Do you want a cookie?

Watch me paint these peach cookies with powdered sugar coating, from the book “50 Oil Paintings Inspired by Savannah, Georgia” (1 minute time lapse)

When we were children and someone asked us, “Do you want a cookie?” we’d probably have said yes without hesitation (unless it was a type of cookie we didn’t like, or we were allergic to the ingredients in it). But as adults, the simple yes or no decision about whether or not we want a cookie is more complicated. 

Beyond any allergies or dislike for the cookie, we might also consider the calories, any ingredients that don’t fit into our diet plan, who made the cookie and how fresh it is, if the conditions of the cookie look hygienic or if the cookie has been touched by many people before being offered, if the cookie has hard decorations that could hurt our teeth, if the cookie is sloppy and will be messy to eat, if the cookie comes with a paper napkin or plate, if the cookie has a political statement written on it, if the cookie is sold by an organization whose politics we don’t agree with, if the cookie is offered free or at a cost, if we are expected to eat a cookie right before singing or speaking in public, if accepting the cookie means that someone else can’t have one (not enough to go around), if not accepting the cookie will hurt someone’s feelings, and probably other considerations I didn’t think of.

Every decision we make as an adult is more complicated than our decision making process we had when we were children. And though it may be tempting to wish for those days back, the truth is that most of us prefer to be adults. For if we still made decisions in a childlike way, we’d be as vulnerable as children. Rash impulsive decisions based on immediate rewards sometimes leads to dire consequences that hurt ourselves and others. There’s a good reason for humans to grow up and learn to make mature, fully thought out decisions.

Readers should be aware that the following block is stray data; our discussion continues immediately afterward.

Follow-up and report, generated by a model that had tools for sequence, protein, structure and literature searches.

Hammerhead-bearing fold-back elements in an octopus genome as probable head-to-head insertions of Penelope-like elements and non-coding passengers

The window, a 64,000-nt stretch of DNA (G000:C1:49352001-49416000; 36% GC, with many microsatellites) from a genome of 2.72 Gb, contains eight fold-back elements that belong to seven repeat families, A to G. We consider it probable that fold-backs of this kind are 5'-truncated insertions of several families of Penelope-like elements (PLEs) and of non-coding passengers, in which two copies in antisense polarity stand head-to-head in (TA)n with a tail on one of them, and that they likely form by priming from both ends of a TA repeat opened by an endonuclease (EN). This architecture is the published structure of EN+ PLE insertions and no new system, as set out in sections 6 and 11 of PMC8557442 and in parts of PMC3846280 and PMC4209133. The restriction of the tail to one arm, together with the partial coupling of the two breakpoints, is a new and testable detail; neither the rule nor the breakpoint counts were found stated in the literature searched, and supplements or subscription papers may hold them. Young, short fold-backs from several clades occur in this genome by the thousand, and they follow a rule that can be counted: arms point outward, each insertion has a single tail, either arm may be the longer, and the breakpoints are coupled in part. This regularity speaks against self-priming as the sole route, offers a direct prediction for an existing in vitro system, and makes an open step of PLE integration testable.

But every now and then… if offered a cookie (assuming that a single cookie won’t ruin your fitness plan), why not just say “YES, please!” and enjoy every sweet morsel of it? Life is complicated, so it’s a happy thing when we take a break from the seriousness of this world. Sometimes a pretty little cookie really is just a pretty little cookie that tastes delicious and gives us a few minutes of joy. And we can say “YES, I want a cookie!”

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“Peach Cookies”

Watch Natalie paint this art, and all 50 oil paintings in this collection (menu below)

“When the company my husband worked for moved to Canada, we were faced with an involuntary career change. What would he do? Well, that story would take a long time to tell, so I’ll move quickly to the part where we landed in Savannah, Georgia, where he took pre-pharmacy classes at Georgia Southern University. It took two years to catch up on prerequisites he didn’t have, and meanwhile he was attending college with our kids.